1 Answer 1


The enterprise of reducing mathematics to logic is called Logicism. There have been two different goals in this enterprise, the first is to reduce just arithmetic of natural numbers, which in many ways is the easiest and most basic part of mathematics. The other is to reduce all of mathematics, or at least as much as we can, to a set of axioms (consider something like ZFC set theory).

Logicism, historically, was lead by Frege, Dedekind, and Peano among others. Peano is most famous for giving a set of axioms that allow for the construction of the natural numbers and arithmetic, while Dedekind is arguably most famous (at least in terms of this conversation) for discovering what are called Dedekind cuts, partitions of the rational numbers which allow for the construction of real numbers. Frege set out to just form a logical foundation for arithmetic, while also developing the tools and languages of modern logic in the process:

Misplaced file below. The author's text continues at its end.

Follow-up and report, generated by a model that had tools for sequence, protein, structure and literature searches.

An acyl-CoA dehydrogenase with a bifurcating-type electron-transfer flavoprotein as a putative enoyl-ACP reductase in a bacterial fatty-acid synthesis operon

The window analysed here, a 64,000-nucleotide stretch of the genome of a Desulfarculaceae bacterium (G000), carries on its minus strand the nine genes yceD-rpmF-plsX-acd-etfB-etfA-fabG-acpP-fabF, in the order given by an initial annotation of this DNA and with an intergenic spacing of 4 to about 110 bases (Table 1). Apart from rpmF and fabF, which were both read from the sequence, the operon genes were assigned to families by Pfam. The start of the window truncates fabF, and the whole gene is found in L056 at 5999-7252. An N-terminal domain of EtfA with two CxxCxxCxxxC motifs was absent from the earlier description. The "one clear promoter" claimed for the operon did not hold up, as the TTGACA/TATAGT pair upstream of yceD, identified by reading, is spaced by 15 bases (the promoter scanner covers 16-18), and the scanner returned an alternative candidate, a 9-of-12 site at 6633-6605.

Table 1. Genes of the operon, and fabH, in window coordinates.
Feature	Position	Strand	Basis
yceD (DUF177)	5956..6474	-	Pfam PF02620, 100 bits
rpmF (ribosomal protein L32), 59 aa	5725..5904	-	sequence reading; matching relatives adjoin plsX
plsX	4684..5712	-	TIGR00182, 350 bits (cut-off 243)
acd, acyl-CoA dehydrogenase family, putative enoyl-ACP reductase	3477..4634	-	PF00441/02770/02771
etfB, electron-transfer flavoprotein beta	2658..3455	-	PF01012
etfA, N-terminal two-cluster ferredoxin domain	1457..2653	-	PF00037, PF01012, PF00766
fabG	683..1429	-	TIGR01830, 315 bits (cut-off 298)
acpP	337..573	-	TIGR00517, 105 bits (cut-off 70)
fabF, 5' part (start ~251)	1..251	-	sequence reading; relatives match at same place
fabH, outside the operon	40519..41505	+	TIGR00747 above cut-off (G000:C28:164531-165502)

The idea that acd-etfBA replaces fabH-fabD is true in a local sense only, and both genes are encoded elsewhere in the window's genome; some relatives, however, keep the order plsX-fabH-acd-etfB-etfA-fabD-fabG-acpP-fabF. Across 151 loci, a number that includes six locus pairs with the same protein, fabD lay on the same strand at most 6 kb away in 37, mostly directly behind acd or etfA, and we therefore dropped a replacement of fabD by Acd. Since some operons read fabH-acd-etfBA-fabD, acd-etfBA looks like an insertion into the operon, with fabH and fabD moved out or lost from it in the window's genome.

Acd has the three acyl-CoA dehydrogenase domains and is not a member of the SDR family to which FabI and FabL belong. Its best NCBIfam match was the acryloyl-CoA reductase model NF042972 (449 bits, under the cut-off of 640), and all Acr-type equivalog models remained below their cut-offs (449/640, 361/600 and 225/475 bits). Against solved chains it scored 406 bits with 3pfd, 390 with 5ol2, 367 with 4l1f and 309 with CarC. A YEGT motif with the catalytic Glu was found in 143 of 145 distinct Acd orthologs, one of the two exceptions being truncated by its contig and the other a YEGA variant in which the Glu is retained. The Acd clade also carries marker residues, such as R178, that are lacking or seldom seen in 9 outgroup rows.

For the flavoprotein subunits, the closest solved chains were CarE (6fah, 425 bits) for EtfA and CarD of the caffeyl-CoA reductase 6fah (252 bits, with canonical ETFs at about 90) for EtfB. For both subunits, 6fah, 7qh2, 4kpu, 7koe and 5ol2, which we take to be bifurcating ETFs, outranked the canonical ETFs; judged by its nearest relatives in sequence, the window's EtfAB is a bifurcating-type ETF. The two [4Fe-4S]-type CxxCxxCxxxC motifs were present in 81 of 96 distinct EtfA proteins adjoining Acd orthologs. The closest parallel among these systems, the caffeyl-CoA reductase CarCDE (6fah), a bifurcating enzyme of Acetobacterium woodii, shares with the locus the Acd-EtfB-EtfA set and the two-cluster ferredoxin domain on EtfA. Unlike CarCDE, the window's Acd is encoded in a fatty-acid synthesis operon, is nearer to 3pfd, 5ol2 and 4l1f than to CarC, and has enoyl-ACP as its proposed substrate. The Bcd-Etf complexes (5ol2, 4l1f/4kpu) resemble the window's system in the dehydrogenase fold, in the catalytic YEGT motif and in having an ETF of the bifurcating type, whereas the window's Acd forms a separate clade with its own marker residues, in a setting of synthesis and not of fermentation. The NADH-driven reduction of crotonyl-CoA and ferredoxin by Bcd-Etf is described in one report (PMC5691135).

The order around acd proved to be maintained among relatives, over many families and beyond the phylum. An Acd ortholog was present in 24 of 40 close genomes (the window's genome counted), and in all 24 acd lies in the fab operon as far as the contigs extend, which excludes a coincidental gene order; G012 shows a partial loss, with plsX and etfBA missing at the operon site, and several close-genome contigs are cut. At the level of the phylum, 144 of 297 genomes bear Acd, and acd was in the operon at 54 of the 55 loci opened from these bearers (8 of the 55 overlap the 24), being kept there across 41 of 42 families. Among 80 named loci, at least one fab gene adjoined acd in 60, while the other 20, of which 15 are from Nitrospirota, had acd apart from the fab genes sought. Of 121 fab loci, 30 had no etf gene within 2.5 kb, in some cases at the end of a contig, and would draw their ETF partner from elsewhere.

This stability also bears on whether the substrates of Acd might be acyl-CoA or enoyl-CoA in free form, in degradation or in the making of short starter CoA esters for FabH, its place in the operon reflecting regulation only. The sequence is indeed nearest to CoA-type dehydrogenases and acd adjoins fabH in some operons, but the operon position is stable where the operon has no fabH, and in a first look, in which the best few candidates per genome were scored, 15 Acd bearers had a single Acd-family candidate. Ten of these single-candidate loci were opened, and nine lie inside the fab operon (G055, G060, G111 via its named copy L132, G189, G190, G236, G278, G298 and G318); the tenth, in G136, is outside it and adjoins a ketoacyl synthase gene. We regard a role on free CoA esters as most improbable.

In his book of 1879, Begriffsschrift: eine der arithmetischen nachgebildete Formelsprache des reinen Denkens, he developed a second-order predicate calculus and used it both to define interesting mathematical concepts and to state and prove mathematically interesting propositions. However, in his two-volume work of 1893/1903, Grundgesetze der Arithmetik, Frege added (as an axiom) what he thought was a logical proposition (Basic Law V) and tried to derive the fundamental axioms and theorems of number theory from the resulting system. Unfortunately, not only did Basic Law V fail to be a logical proposition, but the resulting system proved to be inconsistent, for it was subject to Russell’s Paradox.